Thursday, 12 March 2020

Keeping your Business Healthy

Keeping Your Business as Healthy as You Can

In times of crisis it is essential to look at the positives: every disaster creates opportunities. Although it may be hard to see those now with costs mounting and revenue sinking to zero, there are some practical steps to take now we are sitting on our hands, for both your online presence and your recovery.

Your Team

For hostels that are closed: many of you still have paid staff still on your books (although they may be trapped at home in isolation). This is a great time to task them with being creative - ideas, opportunities and to contribute to your social media. All the tasks that no one every has time to have: now is the time. Get them to make videos for 'meet the staff' talking about their favourite places in your destination, researching the best online travel blogs to share, and answering all your reviews. Not only are your guests along with everyone else now sitting on social media all day - they are also looking for positive news stories. This is the time to get to know your customers, and get social with them online, try to keep customer relations up, let's call it keeping in touch.

Virtual Tasks

With Real Life on hold and in crisis management phase, it could be a good time to do all those virtual tasks such as updating web content, checking SEO, editing your third party sites, adding new photos to Google Business, checking on your Tripadvisor. This is the time to spring clean your online presence and get more social. Delete all those old pictures, check for broken links, update your foursquare, everything that gets left to the bottom of the list. Think of it as a time for customer relationship management, and an investment in lead generation for the future.

For physical tasks I'm sure you're all busy bleaching your whole building, but it's also a great time to get things ready for receiving guests again with a clean and shiny hostel. Take down all those old posters, add a lick of paint, or fix those squeaky doors. Some things can be done without adding any more costs - so focus on those first.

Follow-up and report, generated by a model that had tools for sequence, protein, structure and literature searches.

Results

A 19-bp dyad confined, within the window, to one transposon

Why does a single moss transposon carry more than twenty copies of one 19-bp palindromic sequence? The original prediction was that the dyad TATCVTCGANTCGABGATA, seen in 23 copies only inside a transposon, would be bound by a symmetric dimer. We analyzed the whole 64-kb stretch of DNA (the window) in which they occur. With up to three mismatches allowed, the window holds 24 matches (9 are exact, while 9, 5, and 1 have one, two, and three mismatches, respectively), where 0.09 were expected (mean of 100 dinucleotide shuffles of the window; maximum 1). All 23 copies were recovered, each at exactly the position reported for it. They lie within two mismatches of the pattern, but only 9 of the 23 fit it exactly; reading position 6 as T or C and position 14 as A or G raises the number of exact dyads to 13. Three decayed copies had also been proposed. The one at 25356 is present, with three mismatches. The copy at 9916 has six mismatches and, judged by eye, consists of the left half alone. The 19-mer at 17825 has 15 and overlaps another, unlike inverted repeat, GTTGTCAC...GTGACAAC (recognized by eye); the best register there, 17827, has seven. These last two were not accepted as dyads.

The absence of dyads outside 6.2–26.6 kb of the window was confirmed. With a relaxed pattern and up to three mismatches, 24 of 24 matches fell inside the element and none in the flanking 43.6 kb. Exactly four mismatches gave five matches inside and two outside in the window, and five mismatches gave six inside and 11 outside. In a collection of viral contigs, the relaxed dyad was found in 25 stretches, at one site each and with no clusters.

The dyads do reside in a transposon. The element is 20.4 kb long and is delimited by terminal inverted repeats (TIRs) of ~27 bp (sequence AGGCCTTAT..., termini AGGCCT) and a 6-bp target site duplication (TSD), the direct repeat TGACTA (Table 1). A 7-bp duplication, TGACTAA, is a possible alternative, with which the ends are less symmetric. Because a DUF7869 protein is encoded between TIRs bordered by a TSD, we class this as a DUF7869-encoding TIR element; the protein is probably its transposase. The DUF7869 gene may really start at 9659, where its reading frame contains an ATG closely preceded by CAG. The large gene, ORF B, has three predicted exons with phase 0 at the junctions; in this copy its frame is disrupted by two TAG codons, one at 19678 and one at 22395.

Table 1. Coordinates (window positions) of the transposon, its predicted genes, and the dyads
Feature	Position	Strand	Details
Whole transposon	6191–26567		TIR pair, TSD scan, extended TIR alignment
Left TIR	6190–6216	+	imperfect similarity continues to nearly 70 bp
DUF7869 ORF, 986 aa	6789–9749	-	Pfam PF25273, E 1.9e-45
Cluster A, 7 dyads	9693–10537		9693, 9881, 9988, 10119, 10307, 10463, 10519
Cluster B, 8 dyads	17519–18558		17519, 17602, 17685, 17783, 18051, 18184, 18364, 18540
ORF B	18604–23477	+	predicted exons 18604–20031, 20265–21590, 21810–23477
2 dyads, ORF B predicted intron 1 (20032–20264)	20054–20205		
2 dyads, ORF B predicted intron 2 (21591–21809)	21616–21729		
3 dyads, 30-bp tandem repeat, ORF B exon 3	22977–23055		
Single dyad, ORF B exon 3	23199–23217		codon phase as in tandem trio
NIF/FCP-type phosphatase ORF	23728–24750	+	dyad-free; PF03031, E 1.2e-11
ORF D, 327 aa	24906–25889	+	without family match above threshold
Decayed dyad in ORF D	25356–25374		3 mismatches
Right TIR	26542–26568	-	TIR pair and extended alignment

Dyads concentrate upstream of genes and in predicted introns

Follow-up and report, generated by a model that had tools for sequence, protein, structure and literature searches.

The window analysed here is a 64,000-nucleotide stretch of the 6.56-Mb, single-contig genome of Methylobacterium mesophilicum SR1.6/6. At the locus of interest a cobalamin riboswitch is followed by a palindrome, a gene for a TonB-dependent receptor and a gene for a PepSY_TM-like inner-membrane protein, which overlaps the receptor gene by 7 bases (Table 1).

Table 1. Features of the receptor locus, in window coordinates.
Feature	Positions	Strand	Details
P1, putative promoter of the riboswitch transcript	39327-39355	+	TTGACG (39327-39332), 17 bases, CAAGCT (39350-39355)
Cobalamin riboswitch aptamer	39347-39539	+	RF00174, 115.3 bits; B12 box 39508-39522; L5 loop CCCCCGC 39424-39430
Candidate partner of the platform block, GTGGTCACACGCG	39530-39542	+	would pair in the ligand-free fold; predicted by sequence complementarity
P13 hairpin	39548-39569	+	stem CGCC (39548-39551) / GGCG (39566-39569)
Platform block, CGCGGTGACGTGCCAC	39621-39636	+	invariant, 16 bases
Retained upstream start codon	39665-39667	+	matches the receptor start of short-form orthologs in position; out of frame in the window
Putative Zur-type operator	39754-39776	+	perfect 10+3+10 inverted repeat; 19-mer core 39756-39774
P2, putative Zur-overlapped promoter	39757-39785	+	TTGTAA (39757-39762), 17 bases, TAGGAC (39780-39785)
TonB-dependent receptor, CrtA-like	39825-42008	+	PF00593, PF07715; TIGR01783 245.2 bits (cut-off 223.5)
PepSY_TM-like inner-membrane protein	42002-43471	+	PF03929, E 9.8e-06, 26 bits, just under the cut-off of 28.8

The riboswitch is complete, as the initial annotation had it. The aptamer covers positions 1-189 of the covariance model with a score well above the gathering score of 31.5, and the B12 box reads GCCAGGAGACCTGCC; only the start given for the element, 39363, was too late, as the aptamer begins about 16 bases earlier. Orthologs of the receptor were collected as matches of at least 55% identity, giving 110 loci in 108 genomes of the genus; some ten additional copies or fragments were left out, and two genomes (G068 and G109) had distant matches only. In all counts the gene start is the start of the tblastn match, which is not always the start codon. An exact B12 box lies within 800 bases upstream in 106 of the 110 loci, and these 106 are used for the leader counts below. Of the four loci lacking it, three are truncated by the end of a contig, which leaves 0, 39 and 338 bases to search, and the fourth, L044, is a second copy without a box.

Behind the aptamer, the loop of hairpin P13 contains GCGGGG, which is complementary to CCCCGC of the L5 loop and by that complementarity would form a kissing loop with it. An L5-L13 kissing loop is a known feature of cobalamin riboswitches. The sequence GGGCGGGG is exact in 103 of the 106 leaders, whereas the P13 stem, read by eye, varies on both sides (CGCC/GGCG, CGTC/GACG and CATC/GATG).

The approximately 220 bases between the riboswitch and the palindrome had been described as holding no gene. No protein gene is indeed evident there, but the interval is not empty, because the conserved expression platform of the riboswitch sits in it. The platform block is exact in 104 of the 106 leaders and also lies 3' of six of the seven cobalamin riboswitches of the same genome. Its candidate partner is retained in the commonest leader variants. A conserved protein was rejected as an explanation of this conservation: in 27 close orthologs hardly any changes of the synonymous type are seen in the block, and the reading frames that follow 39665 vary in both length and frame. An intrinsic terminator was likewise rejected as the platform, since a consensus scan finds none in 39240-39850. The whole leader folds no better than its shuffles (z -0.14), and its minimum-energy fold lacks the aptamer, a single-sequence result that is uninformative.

Some ideas of online activities to keep your audience engaged or things you can do when you open again:

  • Take people on a virtual tour of your hostel (for those of you open) or re-share old content to when things were more fun (Throwback posts)
  • Run a competition to win free nights stay when you open again!
  • Do you have video guides for virtual tours of your city that you can share? Many museums and galleries have them. Here is an example of a bunch of the world's best. There are also free concerts online worldwide, and theatre.
  • Meet the staff video interviews (staff can film these at home themselves - a couple of minutes about the best things to do in the city, why they love it etc. These don't necessarily have to be lockdown videos! Unless you have some great ideas to be funny)
  • Host an 'Ask Me Anything' #AMA on social so potential guests can ask questions about you and you will actually have time to respond. This should generate leads to bookings in the future
  • Communicate with your customers on social media - reply to comments etc (be social!), ask guests to write reviews so you can add some good ones
  • Try doing a 'secret city' where every day you post a less known tourist place in your city and get people guessing / tell people about it (to create intrigue to come visit later)
  • Get creative, look at ideas for new packages etc to encourage groups later (family and friends reunions?) The Hangover from Corona party will be massive.
  • If you have a loyalty programme, think of an incentives you could run (afterwards)
  • Do you have gift cards or a voucher? People could buy now (before they run out of money) and claim their discount or bed later in the year.
  • Decorate. Invite a local artist to paint a mural on a wall to make you selfie-tastic (if you are allowed out still)
  • Think of 'experiences' you can add to your business later - you have plenty of time for ideas
  • Promote your destination - work with local tourism boards. It looks like less people will be travelling when this all quietens down, and competition will be tough.
  • If you have budget, set up a PPC advertising campaign to run in the future (so when people start travelling again, your pay per click starts to run)
  • Offer stays to bloggers to get you promoted once they start moving around
  • Host events at your hostel - people will be desperate to interact socially
  • Create packages that include local activities to support businesses
  • Keep posting on Instagram! Everyone is sitting at home bored
For a look at the future of the travel industry after this crisis, check out article here.

We hope these tips can help you keep your business busy and inspire you to get creative. Let's try to look at the positives!

For help or advice for your business, contact us at hello@hosteldoctor.com and we will try to help you keep your hostel business healthy.